2020 was an odd year in so many ways. For one, we had a pandemic that shut down the entire planet. We also saw record gun sales, a huge amount of violent crime, and…oh yeah, riots all over the country. Let’s not forget those.
Meanwhile, lawmakers have kicked off 2021 in trying to address last years’ issues as well as other matters that transcend 2020.
In Iowa, a number of such measures made it through a key hurdle.
Measures seeking to bolster gun rights, provide tougher “back the blue” law enforcement protections and lower the penalty for possessing small amounts of marijuana passed under the wire Wednesday in advance of a bill-killing legislative “funnel” deadline.
Republicans in control of the Senate Judiciary Committee moved a dozen bills on to the Senate debate calendar, including a measure to ease gun restrictions by allowing permit-less “constitutional carry”; measures placing a $1 million cap on non-economic damages that could be awarded in medical malpractice and truck-driver liability cases; and legislation to give more time to bring charges against pedophiles who sexually abuse minors by eliminating Iowa’s statute of limitation on criminal and civil actions involving sexual abuse of kids.
Wednesday’s heightened committee work was brought on the first funnel deadline of Friday. The deadline is meant to winnow the 2021 session workload by requiring non-tax and non-budget policy bills to clear at least one standing committee in the House or Senate to remain eligible for consideration this session.
The most contentious part of Wednesday’s legislative action came over a “back the blue” bill that would increased criminal penalties for rioting, unlawful assembly, harassment, assault, disorderly conduct and criminal mischief — a measure Democrats said clearly was aimed at last year’s protests in the wake of George Floyd’s choking death by police in Minneapolis.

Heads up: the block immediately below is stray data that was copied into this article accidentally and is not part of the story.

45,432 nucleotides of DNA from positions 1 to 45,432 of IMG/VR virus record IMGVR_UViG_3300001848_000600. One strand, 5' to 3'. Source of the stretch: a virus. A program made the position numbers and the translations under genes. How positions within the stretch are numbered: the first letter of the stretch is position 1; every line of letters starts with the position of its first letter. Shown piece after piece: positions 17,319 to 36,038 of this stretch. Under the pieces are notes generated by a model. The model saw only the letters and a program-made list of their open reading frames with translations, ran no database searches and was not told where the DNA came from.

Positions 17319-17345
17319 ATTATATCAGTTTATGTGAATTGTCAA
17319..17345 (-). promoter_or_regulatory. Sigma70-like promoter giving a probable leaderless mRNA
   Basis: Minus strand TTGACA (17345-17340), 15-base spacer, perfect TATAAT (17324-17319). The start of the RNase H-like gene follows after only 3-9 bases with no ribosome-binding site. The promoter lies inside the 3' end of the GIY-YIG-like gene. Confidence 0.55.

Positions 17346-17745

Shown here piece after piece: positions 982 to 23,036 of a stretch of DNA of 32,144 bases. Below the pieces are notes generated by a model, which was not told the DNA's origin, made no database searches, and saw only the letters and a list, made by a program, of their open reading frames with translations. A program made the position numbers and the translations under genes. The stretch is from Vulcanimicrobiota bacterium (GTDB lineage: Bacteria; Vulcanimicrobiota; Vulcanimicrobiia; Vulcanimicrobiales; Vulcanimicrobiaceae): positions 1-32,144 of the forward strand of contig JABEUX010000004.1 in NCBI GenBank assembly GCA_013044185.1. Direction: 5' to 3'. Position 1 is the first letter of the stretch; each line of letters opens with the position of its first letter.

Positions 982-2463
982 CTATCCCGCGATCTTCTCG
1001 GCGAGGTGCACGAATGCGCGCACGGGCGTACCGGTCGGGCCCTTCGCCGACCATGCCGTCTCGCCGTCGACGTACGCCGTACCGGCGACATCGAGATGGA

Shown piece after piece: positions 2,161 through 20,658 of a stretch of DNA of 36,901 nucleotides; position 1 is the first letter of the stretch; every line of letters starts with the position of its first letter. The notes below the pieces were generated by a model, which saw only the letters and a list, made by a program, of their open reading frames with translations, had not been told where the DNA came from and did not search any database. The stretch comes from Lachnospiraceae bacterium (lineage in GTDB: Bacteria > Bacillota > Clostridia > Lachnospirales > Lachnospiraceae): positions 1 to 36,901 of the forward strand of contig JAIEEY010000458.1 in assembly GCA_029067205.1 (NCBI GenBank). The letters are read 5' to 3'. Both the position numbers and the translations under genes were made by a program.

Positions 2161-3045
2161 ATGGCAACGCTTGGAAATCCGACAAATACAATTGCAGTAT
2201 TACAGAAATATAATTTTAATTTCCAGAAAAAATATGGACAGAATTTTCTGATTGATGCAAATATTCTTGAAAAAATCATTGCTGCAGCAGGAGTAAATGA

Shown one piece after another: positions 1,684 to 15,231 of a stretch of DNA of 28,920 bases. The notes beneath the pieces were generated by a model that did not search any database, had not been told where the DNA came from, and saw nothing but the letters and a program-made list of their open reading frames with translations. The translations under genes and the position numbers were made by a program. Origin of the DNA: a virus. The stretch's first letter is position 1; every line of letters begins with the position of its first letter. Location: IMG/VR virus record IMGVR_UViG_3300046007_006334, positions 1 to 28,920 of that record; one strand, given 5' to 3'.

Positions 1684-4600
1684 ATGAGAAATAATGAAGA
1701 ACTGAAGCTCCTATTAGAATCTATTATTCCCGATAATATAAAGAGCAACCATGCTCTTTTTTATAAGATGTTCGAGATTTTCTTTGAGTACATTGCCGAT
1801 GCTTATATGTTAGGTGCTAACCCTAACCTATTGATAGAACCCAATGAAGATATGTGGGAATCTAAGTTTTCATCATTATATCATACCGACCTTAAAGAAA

That would probably be because they were aimed at last year’s riots in the wake of George Floyd’s death. Stop calling them protests when they cause millions in property damage.
Then, of course, there is the push for permitless carry. That’s big and, frankly, may also do a lot to curb riots should something like that arise. Rioters won’t like the idea of the person they’re throwing a brick at being able to fight back.
Even if there are no new riots to speak of, constitutional carry means law-abiding citizens don’t have to ask the government for permission to carry a firearm, the right to keep and bear arms at its most basic level. It shouldn’t require a law for this kind of thing, of course, but so much damage was done to the Second Amendment in the past that this is where we are.
Getting constitutional carry through this first hurdle is good for the people of Iowa. Next, of course, will be the need to get it passed so it can be made into law.
Of course, there are a ton of other states where that needs to be passed as well. Like, every other state that doesn’t already have that law on the books. For now, though, Iowa is the focus. It’s time for this to happen.